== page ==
IndyPL Kids Book Blog's Reviews > The Amulet of Samarkand

The Amulet of Samarkand by Jonathan Stroud
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Mar 06, 2012

it was amazing
bookshelves: favorites, fantasy
Read in March, 2009

Nathaniel is a magician’s apprentice. He’s like the magician’s son…but not. His bedroom is in the attic. His food is brought to him in his room. He is provided for, but he isn’t nurtured or made to feel loved. He only sees the magician during his lessons. Nathaniel is lonely and the only way he knows to get the attention he desires is to do really well in his lessons, and that he does. He practices advanced magic on his own and becomes so good at it, he manages to steal an important magical object from a much older and more experienced magician.

He reminds me a lot of another wizard you know…but not the one you’re thinking. Nathaniel doesn’t remind me of Harry, he reminds me of Tom Riddle. Like Tom, Nathaniel is aloof, detached from people, brooding, only concentrating on his own abilities and obsessed with improving them. He seeks revenge for the wrongs he feels have been done to him. But he has one thing Tom Riddle didn’t…Bartimeaus, a djinn (genie/demon) Nathanial has summoned to help him accomplish his magical goals. And this demon is up for whatever Nathaniel can dish out! He is funny, wise-cracking, irreverant and ready to put Nathanial in his place at any opportunity. He is exactly what Nathaniel needs. Bartimeaus tries to warn Nathaniel that he is growing into a typical power-hungry magician, but Nathaniel doesn’t listen. Will Nathaniel ever turn away from his anger and bitterness? Will he make the choice Tom Riddle didn’t? Will he learn what love is? You have to read all three in this trilogy…and then you’ll find out!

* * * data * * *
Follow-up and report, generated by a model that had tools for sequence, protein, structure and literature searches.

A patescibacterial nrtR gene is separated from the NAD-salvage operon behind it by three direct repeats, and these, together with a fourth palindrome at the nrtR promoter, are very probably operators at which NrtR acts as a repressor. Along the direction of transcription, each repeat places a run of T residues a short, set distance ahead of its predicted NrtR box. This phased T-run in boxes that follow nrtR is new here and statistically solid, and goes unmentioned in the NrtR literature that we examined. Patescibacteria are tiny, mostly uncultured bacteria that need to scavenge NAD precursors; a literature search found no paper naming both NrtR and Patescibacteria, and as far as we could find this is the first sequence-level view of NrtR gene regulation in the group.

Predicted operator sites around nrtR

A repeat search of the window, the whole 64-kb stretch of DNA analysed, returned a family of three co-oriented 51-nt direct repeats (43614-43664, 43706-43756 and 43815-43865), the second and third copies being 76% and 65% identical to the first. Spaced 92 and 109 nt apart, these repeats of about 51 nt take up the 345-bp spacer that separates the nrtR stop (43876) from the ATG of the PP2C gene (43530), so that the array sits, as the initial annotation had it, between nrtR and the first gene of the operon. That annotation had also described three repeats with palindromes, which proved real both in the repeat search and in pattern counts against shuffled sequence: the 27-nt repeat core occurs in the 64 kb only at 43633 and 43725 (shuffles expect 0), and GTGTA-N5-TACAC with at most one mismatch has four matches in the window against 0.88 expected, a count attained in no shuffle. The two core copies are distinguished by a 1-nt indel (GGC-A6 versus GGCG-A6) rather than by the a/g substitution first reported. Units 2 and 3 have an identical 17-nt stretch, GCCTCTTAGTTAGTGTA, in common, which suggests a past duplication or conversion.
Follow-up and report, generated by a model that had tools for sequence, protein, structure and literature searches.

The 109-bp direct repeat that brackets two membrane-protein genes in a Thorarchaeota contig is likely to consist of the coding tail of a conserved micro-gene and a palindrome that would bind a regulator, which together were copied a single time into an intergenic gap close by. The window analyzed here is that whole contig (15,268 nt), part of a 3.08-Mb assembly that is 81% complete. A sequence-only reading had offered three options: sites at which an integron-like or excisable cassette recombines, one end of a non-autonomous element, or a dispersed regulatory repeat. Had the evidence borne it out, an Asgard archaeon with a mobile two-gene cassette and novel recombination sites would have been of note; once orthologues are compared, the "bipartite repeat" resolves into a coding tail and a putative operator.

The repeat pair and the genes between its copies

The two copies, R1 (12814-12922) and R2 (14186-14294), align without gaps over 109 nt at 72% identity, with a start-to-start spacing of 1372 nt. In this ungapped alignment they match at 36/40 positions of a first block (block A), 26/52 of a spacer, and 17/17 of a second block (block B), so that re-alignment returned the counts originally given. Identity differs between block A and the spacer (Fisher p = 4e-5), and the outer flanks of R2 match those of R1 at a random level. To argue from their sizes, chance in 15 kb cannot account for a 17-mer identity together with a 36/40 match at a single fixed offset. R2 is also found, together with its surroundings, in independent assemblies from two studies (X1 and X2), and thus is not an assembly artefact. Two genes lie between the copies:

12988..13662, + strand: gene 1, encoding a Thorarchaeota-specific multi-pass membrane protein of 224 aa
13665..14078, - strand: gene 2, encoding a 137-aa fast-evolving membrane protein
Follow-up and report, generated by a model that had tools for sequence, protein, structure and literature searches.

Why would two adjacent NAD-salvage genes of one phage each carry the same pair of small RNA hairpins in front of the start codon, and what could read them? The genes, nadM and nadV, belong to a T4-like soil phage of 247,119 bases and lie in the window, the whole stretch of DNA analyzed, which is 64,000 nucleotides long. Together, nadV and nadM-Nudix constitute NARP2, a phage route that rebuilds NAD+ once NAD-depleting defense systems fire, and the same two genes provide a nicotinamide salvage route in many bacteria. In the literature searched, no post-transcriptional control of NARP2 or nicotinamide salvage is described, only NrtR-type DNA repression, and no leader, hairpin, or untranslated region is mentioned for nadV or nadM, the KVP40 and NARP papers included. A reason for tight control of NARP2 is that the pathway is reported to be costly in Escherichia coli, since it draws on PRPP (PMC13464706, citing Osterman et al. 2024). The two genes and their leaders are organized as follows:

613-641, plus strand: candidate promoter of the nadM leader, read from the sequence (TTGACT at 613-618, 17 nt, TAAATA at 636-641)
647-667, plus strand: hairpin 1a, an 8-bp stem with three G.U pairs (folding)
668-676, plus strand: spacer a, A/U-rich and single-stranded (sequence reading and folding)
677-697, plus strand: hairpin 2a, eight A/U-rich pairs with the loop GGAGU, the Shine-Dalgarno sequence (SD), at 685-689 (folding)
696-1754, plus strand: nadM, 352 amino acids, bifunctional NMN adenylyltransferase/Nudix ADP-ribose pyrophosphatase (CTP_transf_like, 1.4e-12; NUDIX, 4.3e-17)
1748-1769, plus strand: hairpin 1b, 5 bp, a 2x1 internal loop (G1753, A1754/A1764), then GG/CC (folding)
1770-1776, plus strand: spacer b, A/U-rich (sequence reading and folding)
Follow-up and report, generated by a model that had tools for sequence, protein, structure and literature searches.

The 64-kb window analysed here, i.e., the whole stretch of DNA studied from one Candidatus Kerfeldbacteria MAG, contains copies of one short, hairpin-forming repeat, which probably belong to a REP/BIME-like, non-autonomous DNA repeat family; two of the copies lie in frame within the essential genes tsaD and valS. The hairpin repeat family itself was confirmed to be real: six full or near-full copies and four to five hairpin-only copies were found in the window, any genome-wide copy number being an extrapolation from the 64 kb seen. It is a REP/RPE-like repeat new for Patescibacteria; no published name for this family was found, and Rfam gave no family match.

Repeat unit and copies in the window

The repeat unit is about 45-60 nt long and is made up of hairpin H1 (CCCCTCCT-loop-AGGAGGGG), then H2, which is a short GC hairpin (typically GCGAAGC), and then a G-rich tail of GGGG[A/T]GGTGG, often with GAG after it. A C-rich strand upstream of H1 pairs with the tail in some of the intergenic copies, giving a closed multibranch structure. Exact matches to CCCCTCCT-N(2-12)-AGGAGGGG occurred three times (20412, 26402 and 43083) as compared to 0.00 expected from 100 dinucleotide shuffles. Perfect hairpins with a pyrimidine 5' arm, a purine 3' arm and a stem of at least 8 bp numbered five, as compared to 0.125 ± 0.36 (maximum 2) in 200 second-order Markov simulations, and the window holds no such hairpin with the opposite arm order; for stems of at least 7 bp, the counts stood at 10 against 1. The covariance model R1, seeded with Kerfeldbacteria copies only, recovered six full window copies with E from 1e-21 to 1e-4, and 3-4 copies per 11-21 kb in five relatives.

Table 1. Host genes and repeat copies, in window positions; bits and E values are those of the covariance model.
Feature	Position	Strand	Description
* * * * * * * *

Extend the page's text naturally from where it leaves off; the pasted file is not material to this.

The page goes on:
If you liked Harry Potter, this adventure will give you another original magical world to enter. There are magical battles, back-stabbing, lying and cheating…plenty of traitors and double-crossers, but then there is also a mysterious pretty girl and also Bartimeaus. Who says a demon can’t be lovable?

For more: http://www.imcpl.org/kids/blog/?p=1954
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